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Finding the Circumference

Date: 11/27/97 at 13:30:48
From: Shae Godfrey
Subject: Circumference

Would you be able to tell me how to work out the circumference of a 

Date: 11/27/97 at 17:49:10
From: Doctor Luis
Subject: Re: Circumference

Basically, the "circumference" of a circle is the distance around it.
There is a way to calculate the circumference if you know another
geometric length called the radius.

Here's a diagram of a circle (sort of). Okay, it's not a circle, but
it's as close as I can get with these characters. :)

So suppose it's a circle...

        *   *      Do you see the "+"? It represents a special point
     *         *   on the circle, called the "center." The reason it's
    *   r       *  a special point is that if you make a line from
    *-----+     *  the center to a point on the circle, that line
    *           *  is going to have the same length no matter what
     *         *   point on the circle you choose. Those special lines
        *   *      are called "radii" (pronounce the "ii" as an "e"
                   followed by an "i"). If you're only talking about
one of these lines then it is called "radius". Here, on the diagram, I 
called it the radius "r".

 (Notice that there are an infinite number of these "radii" but
 their lengths are the same)

There is another special line that is associated with the circle, and 
mathematicians have called it the "diameter". It is simply a line 
segment from one point on the circle to another point on the circle 
that also passes through the center of the circle. It looks something 
like this,

        *  *      If you look carefully, you can see that the diameter
     *        *    (I called it D on the diagram) is in reality one
    *    D     *   radius from the center to a point on the circle,
    *-----+----*   and another radius from the center to the OPPOSITE
    *          *   point on the circle. So you see, the length of
     *        *    the diameter is twice the length of the radius.
        *  * 

Now, what about the circumference? Well, that's just the curved line
around the circle. This means that if you cut your circle at one point 
and straighten it so that it becomes a straight line, the length of 
that line is going to be the length of the circumference.

  |<---    Circumference     --->|

It turns out that circles have a very curious property. If you take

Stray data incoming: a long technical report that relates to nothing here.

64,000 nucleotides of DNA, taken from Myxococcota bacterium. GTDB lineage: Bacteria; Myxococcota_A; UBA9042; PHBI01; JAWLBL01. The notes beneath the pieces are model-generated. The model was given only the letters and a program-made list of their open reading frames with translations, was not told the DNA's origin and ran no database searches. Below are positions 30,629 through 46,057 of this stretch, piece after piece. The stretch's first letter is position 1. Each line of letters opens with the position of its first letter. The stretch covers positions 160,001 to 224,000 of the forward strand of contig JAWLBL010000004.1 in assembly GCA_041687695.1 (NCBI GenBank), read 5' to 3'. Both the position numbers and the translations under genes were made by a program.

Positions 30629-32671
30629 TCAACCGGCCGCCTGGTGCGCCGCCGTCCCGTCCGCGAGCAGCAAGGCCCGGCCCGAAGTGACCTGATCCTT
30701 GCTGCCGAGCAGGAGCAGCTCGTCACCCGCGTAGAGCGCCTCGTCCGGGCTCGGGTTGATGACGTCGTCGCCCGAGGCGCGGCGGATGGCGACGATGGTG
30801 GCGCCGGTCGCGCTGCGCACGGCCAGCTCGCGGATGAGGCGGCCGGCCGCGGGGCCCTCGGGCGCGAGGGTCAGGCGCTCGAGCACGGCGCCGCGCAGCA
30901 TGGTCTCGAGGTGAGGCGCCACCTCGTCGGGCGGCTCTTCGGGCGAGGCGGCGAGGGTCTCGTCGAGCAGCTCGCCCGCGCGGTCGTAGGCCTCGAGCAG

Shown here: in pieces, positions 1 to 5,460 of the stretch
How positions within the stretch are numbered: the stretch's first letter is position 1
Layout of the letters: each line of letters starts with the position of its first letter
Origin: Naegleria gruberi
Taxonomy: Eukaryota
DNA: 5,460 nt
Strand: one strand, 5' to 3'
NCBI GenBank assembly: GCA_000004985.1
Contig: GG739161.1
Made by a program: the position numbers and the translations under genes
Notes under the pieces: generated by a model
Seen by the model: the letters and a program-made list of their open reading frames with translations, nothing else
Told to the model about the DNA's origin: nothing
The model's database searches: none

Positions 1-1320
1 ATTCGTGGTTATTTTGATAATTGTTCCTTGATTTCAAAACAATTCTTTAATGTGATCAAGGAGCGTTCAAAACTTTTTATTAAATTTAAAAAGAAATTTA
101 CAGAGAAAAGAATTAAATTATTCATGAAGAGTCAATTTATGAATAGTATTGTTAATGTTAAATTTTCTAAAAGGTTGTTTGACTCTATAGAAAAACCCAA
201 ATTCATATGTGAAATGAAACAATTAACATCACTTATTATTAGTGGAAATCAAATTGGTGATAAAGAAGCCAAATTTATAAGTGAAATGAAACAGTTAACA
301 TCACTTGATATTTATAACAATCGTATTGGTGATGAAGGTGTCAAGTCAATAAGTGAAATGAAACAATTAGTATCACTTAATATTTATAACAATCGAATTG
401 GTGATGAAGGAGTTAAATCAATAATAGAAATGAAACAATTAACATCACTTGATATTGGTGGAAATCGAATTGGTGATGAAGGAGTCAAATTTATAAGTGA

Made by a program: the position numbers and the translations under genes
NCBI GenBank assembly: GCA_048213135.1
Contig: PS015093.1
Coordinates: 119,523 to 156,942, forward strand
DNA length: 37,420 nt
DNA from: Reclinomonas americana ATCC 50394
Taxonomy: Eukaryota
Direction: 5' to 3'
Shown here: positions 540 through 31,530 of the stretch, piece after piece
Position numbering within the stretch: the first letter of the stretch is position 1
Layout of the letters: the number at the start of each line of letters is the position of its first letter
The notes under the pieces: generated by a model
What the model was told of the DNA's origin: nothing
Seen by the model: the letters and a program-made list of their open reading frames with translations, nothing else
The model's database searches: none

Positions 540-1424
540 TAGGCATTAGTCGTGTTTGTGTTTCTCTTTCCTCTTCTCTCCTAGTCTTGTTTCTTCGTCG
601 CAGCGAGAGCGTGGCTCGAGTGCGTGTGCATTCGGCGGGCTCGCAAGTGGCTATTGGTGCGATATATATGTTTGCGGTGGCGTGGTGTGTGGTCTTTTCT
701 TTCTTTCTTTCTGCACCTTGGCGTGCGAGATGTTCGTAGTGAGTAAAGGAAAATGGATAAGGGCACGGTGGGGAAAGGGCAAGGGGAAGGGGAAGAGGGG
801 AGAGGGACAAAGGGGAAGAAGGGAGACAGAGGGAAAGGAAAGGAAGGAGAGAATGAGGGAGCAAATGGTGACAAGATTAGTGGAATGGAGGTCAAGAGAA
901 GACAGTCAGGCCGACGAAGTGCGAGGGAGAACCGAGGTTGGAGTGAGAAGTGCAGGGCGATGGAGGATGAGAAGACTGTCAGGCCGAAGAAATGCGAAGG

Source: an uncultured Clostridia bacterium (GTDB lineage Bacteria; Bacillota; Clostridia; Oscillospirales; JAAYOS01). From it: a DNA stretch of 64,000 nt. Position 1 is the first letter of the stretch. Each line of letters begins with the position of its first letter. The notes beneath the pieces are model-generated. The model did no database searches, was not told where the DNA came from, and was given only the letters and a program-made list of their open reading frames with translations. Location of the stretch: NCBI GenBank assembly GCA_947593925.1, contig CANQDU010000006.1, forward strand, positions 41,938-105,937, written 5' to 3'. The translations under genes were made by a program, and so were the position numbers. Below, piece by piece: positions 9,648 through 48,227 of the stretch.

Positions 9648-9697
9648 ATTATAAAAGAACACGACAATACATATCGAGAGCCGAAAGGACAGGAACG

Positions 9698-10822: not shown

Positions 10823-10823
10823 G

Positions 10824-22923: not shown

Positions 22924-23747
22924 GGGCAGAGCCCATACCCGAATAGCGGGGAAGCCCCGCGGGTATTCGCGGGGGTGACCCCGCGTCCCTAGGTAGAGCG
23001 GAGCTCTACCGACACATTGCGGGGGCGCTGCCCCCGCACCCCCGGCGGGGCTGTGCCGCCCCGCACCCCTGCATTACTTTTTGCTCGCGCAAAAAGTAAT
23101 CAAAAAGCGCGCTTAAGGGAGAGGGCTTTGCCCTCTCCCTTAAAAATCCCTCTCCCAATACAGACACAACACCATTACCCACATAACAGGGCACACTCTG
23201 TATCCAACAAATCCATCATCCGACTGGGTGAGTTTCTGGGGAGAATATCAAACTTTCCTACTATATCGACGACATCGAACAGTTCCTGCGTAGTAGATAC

the diameter of ANY circle (no matter what size), the number of 
diameters that fit in the circumference will be the same for ANY 
circle (try to verify it yourself with two pieces of string). Actually 
the diameter will fit about three times into the circumference, but 
not EXACTLY. There will be a small part of the circumference left.



    three diameters

Mathematically speaking, we say that the ratio of the circumference to 
the diameter is constant (the same number) for all circles. This  
constant is very famous in mathematics, and it appears unexpectedly in 
a lot of theorems and equations. Even the Egyptians knew about it 
thousands of years ago (they said it was 22/7 although we know it's a 
little less than that). The Greeks also knew about this constant and 
calculated it to better accuracy using geometrical methods. 
Mathematicians like to call this constant "pi" (pronounced like 
"pie"), after the Greek letter "p". 

This number pi is a very interesting number that people have studied 
extensively. It is an irrational number. Essentially, that means you 
cannot write it as a ratio (you can't get pi by dividing two 
integers). The implication of that is that we will never know the 
exact value of pi - we will always be off the true value. We can only 
get increasingly accurate estimates of what pi is, and people have 
written programs and found pi to millions of decimal places on the 
most powerful and fastest computers. (for most purposes we only need 
fewer than ten decimal places).

Well, how does all of this help us calculate the circumference of a 
circle? Simple, you know that the circumference divided by the 
diameter is the number pi for any circle, and so

   pi = Circumference / Diameter


   circumference = pi * diameter

So, if you know the diameter of the circle you can get the 
circumference just by multiplying by pi (which is approximately 
3.14159... ) .

Remember that,

   diameter = 2 * radius

and so

   circumference = pi * (2 * radius)
                 = 2 pi * radius

  or simply

    C = 2 pi r

This is the way you'll find it in most books, in terms of the radius. 

-Doctor Luis,  The Math Forum
 Check out our web site!   
Associated Topics:
Middle School Conic Sections/Circles
Middle School Geometry

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